Impact of Patient-Prosthesis Mismatch on Long-term Outcomes After Aortic Valve Replacement

Michaela Graser, Sabine Bleiziffer, Armin Zittermann, Benedikt Mayr, Konstantinos Sideris, Nazan Puluca, Markus Krane, Anatol Prinzing

Research output: Contribution to journalArticlepeer-review


Background: Patient-prosthesis mismatch (PPM) after aortic valve replacement potentially affects the outcome after the operation. This study sought to determine whether PPM has an impact on long-term mortality and reoperation rates. Methods: We included 645 patients who underwent biologic aortic valve replacement between 2000 and 2007. Based on echocardiographic examinations at postoperative month 6, the incidence of PPM was determined according to an indexed effective orifice area <0.85 cm2/m2. Survival and reoperation status were analyzed during 15 years of follow-up. Results: PPM was present in 256 patients (40%), of whom 175 had moderate PPM and 81 had severe PPM. In multivariable adjusted analysis, survival was not statistically significantly impaired in patients with moderate PPM compared with patients with no PPM, whereas patients with severe PPM showed a marginally significant impairment of survival (hazard ratio [HR], 1.40; 95% CI, 0.99-1.97; P = .054). Risk factors for survival were higher age (HR, 1.12; 95% CI, 1.10-1.14; P < .001), arterial hypertension (HR, 1.78; 95% CI, 1.38-2.31; P < .001), and diabetes mellitus (HR, 1.67; 95% CI, 1.31-2.14; P < .001). In patients with no, moderate, and severe PPM, there were 10.1, 8.5, and 14.8 events of reoperation/1000 patient-years, respectively. The corresponding 10-year cumulative incidence of reoperation was 8.3%, 6.7%, and 12.1%, respectively. In multivariable adjusted analysis, PPM category was not significantly associated with the risk of reoperation (P > .2). Conclusions: In our study with directly measured effective orifice area, PPM was only marginally related to long-term survival and was not statistically significantly associated with the risk of reintervention.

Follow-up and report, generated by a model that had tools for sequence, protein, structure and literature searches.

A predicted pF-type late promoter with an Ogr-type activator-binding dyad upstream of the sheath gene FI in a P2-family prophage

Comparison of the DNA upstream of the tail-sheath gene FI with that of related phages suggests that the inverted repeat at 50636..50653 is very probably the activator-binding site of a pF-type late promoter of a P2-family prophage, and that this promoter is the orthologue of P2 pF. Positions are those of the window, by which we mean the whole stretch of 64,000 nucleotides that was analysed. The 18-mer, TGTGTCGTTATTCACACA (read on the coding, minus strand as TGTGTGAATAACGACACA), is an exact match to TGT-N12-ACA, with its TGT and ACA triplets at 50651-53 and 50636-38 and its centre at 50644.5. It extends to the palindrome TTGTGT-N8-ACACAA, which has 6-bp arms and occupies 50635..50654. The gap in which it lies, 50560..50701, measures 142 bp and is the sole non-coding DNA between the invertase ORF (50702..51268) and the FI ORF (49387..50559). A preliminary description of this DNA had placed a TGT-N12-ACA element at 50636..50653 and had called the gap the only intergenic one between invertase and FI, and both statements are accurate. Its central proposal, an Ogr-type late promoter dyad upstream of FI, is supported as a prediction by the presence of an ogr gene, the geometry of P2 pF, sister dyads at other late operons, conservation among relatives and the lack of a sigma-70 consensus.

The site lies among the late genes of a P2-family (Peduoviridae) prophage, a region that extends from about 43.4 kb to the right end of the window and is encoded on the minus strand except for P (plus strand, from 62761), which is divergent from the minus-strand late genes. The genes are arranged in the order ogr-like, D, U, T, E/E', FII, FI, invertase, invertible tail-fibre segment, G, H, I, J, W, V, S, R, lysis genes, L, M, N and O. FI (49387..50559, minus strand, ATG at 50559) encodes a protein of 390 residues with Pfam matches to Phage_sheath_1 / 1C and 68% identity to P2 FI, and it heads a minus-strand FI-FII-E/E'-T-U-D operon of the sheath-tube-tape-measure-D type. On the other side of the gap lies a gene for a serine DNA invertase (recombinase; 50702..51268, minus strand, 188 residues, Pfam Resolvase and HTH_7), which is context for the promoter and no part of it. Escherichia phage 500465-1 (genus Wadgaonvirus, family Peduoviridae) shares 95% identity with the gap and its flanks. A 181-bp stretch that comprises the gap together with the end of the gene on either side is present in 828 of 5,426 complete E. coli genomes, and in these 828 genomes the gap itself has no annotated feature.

Original languageEnglish
JournalAnnals of Thoracic Surgery
StateAccepted/In press - 2024


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